David vs. Goliath
It’s David vs. Goliath all over again. With the U.S. economy on the brink of a recession, the major industry players seemingly have the advantage. Yet, when given the chance to do battle against its competitors, the smaller—but driven—company can leave the playing field victorious.
Commercial printers are no exception. Similar to those in other market sectors, commercial print specialists are feeling the crunch of escalating oil and natural gas prices, postal increases and sustainability pressures. Larger suppliers may possess scale advantages in purchasing materials, such as paper and ink, but studies indicate profitability is ultimately linked to effective sales operations. As a result, smaller- to medium-sized companies can rely on something much more meaningful—smart selling. Here, three successful commercial printers share strategies for staying competitive in a market undergoing flux.
Headquartered in Strongsville, Ohio, Dupli-Systems opened its doors in 1977. “It’s really funny how each distributor identifies the manufacturers they use. To some, we are still a traditional forms supplier, or cut-sheet provider. In the past 15 years, we have many who think of us as a high-end commercial printer,” observed Dave Griffith, vice president of sales.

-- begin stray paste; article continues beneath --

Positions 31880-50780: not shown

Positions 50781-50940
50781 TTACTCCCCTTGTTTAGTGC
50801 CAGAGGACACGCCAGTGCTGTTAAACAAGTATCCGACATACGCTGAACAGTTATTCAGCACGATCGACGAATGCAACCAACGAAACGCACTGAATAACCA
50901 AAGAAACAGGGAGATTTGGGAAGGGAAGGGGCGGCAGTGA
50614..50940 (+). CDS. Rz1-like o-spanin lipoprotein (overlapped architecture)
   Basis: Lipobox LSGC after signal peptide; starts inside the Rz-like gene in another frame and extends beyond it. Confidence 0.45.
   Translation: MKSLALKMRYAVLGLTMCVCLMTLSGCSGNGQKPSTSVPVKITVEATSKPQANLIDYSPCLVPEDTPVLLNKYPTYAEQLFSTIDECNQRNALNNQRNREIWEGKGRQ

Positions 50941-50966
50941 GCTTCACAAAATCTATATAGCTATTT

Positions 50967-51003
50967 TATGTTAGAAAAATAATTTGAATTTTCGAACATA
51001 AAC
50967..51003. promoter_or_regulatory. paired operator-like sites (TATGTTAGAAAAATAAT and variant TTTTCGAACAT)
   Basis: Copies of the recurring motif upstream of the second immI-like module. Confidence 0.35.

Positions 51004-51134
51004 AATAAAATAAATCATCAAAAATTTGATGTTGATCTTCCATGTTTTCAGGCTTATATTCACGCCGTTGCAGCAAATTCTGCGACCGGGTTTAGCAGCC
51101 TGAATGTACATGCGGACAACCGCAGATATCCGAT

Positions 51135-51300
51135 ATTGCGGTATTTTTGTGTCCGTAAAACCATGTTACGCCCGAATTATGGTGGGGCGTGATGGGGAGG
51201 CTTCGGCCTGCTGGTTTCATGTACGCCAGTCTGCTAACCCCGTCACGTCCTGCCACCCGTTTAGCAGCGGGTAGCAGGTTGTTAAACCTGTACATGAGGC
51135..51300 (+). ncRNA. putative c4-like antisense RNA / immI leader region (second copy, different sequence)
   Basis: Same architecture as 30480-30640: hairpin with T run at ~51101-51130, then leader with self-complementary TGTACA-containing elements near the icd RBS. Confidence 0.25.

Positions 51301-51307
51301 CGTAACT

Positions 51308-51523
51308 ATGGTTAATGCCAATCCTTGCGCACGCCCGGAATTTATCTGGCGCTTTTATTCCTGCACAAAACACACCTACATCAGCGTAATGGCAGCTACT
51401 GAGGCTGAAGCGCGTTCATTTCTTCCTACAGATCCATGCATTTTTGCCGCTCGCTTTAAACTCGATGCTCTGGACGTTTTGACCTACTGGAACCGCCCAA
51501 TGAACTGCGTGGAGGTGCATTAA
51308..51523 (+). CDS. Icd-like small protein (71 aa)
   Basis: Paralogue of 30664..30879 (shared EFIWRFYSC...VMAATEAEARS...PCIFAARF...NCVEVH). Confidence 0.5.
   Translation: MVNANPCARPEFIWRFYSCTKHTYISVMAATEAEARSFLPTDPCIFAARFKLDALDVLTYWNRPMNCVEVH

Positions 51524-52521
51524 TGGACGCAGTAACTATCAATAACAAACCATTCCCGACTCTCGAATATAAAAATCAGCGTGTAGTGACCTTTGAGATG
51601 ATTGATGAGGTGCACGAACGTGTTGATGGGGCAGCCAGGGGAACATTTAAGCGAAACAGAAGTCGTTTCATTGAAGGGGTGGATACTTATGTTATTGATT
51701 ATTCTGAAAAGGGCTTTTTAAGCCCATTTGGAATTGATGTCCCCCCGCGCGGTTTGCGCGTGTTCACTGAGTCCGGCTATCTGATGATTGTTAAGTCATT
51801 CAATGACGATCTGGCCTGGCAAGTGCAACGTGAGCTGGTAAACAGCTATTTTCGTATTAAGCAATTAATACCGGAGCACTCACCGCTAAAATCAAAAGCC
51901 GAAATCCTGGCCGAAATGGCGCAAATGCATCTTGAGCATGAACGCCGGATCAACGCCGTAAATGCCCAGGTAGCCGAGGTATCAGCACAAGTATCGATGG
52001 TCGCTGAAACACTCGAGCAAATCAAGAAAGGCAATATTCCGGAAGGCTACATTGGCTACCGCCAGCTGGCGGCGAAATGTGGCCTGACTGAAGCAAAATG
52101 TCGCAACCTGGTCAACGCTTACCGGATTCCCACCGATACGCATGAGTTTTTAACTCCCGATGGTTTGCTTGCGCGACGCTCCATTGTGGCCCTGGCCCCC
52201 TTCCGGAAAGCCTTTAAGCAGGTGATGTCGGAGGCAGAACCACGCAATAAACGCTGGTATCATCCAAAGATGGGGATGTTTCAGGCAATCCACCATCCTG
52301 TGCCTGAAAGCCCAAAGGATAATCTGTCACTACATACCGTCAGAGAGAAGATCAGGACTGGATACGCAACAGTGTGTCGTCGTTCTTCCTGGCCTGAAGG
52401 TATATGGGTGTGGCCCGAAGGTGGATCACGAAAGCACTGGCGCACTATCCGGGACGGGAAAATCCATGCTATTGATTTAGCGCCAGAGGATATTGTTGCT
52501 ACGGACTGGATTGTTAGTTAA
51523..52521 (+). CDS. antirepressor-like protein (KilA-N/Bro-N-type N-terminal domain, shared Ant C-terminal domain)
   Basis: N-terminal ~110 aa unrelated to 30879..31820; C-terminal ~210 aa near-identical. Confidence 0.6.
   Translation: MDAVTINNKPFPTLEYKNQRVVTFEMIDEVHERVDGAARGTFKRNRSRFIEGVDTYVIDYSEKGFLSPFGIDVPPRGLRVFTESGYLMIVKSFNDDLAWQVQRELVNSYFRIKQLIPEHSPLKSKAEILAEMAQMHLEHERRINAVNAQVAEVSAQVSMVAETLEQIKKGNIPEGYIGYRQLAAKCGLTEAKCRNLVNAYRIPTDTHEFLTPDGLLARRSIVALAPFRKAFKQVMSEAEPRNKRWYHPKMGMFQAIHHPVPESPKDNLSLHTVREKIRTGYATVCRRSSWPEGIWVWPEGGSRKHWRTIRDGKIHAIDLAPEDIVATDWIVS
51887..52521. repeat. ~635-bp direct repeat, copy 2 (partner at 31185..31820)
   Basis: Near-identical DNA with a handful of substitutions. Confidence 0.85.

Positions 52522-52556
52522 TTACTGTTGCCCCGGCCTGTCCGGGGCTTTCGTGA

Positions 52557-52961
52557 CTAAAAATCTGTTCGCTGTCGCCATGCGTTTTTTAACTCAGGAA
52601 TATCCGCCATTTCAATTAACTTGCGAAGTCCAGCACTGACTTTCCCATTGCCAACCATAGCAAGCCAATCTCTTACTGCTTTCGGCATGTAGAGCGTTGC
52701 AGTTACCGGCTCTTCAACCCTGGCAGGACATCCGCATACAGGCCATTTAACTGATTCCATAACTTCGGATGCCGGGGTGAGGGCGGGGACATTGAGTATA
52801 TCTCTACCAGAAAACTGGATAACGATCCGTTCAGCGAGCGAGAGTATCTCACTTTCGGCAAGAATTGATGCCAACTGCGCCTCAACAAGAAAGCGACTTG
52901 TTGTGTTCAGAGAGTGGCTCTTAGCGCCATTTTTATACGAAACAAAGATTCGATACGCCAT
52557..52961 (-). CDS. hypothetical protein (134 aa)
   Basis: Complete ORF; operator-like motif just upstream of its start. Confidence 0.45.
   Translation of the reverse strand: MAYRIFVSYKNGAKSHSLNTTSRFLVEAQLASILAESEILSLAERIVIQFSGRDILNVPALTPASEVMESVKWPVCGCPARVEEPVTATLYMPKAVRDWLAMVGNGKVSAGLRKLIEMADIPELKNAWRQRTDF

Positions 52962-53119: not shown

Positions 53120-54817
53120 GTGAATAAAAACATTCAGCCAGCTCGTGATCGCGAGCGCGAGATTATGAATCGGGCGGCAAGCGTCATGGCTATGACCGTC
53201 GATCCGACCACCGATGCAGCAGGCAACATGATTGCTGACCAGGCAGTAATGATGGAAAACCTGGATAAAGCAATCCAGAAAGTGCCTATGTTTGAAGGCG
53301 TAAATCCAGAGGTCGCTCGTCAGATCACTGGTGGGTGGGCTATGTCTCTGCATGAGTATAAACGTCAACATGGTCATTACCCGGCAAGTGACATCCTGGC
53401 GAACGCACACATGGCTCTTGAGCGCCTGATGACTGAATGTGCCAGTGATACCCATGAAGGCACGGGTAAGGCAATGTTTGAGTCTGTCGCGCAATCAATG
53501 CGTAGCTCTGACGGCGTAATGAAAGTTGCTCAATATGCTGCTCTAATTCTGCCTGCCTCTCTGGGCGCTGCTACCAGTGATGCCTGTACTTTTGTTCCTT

He went on to say Dupli-Systems’s goal is to be known as a printer that can provide a complete package of documents, marketing materials and digital print to end-users through redistribution or a resellers program. To help deliver its promise of quality customer service, the company offers distributors a full range of digital media services.
“What we see as being successful and valuable to our customers is an affordable web-to-print software package that will cross many platforms,” Griffith said. “We have been in imaging art for proofs, film and CTP since conception. As all manufacturers know, the varied kinds and methods of submitted files by the reseller[s] and their customer[s] have always been a challenge. Our job is to be able to address these needs and give ultimate service.”
Related story: Selling Points